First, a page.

A new study published today reveals the significant investment made by the pharmaceutical industry into research and development (R&D) in the UK, said the Association of the British Pharmaceutical Industry (ABPI).
The annual publication of the Department for Trade and Industry's (DTI) Research and Development Scoreboard shows that the pharmaceutical industry continues to be the largest investor by far in R&D in the UK. With total pharmaceutical investment amounting to 40 per cent, this notably outweighs other sectors - including the second largest, aerospace and defence, which invested nine per cent of the UK total.
"These results clearly illustrate the enormous investment made by the pharmaceutical industry in this country," said ABPI Director General Dr Trevor Jones. "The money spent on R&D in the UK has a real impact on patients - who receive the benefits of the latest medicines - as well as on the economy."
The report shows that the pharmaceutical and biotechnology industry is only one of three sectors where investment in R&D occurs above an international level. The UK is second only to the US in terms of attracting R&D.
"But this level of investment will only be sustainable if the overall environment continues to be favourable - not just with regard to R&D. For the pharmaceutical industry to remain strong, all factors - from the UK's ability to be competitive in manufacturing, to the industry's relationship with the NHS - must be vigilantly maintained so that investment will continue to be attracted as well as held in the UK," said Dr Jones.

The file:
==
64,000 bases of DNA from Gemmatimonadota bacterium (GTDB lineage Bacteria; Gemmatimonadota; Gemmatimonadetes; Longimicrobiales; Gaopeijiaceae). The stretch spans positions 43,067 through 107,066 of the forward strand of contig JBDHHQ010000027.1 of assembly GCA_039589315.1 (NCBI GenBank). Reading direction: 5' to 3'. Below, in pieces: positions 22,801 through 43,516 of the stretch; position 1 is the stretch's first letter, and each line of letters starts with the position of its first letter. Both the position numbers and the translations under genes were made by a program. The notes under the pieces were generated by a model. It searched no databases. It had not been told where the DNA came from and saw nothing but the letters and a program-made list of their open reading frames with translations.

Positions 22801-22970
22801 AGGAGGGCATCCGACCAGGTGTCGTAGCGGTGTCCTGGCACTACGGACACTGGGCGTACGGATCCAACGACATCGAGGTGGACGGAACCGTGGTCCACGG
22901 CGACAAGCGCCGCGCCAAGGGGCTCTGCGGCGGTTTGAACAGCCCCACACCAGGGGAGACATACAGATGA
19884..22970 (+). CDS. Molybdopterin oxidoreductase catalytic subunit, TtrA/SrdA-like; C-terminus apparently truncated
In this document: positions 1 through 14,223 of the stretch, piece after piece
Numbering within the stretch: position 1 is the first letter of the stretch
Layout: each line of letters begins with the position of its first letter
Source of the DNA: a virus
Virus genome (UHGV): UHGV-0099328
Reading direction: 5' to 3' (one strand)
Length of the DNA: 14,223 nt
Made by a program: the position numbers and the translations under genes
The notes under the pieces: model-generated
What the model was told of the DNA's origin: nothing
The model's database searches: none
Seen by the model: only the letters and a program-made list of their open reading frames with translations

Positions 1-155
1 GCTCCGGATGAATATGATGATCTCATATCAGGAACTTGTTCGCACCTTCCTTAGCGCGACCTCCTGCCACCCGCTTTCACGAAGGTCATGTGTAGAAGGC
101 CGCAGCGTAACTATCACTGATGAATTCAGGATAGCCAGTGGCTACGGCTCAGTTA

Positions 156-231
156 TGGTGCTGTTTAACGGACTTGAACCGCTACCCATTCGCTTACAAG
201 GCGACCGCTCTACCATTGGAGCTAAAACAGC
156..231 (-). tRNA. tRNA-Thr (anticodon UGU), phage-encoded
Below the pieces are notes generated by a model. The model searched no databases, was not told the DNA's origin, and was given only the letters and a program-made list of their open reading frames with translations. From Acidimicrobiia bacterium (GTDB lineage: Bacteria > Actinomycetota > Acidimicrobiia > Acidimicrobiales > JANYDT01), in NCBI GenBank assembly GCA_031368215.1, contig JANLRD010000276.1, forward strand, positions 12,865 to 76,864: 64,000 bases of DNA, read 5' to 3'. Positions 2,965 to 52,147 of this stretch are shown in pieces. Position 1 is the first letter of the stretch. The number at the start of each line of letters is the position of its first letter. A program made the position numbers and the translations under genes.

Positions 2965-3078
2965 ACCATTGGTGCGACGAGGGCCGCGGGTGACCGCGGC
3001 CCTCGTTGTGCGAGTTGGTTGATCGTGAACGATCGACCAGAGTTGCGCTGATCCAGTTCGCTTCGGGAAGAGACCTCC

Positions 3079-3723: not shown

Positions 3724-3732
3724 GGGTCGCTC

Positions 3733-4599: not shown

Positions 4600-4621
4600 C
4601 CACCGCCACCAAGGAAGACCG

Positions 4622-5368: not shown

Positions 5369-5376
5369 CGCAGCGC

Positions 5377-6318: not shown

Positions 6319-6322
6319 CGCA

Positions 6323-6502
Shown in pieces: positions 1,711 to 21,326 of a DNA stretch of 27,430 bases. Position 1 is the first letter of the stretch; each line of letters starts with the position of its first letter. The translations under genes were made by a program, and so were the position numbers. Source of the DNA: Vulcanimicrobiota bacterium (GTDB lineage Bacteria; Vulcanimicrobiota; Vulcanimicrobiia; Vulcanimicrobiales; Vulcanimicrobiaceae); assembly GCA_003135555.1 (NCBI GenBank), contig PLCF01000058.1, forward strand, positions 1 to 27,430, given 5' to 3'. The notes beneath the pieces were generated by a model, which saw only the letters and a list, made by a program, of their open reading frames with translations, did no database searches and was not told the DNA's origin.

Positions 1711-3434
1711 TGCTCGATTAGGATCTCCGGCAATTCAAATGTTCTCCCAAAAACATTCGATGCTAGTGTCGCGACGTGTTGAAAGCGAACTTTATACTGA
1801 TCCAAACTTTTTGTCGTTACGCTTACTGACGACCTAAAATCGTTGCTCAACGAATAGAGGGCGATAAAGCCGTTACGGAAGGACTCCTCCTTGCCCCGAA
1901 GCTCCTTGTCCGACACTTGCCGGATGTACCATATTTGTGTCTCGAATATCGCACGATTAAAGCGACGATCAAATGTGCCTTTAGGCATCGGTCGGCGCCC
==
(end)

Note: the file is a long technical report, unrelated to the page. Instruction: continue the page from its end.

The pharmaceutical industry invested £3.2 billion pounds in R&D in the UK in 2002 - nearly £9 million every day. In addition, nearly a quarter of the world's top 100 medicines were discovered and developed in Britain, more than any country except the US.
Of the total amount spent on healthcare-related R&D in the UK, the pharmaceutical industry contributes significantly more than all other sectors combined. The industry spent 65 per cent of the total investment in 2002, compared to eight per cent by the Medical Research Council (MRC), 11 per cent by the Department of Health, three per cent by higher education sources and 13 per cent by medical charities.
The estimated number of R&D staff in the UK increased to a figure of almost 21,000. But while R&D employment continues to grow, it does more slowly than total R&D expenditure. As a result, R&D investment per employee has increased by £20,000 in two years to £155,000 per person in 2001.
For further information, please contact: ABPI Press Office 020 7747 1410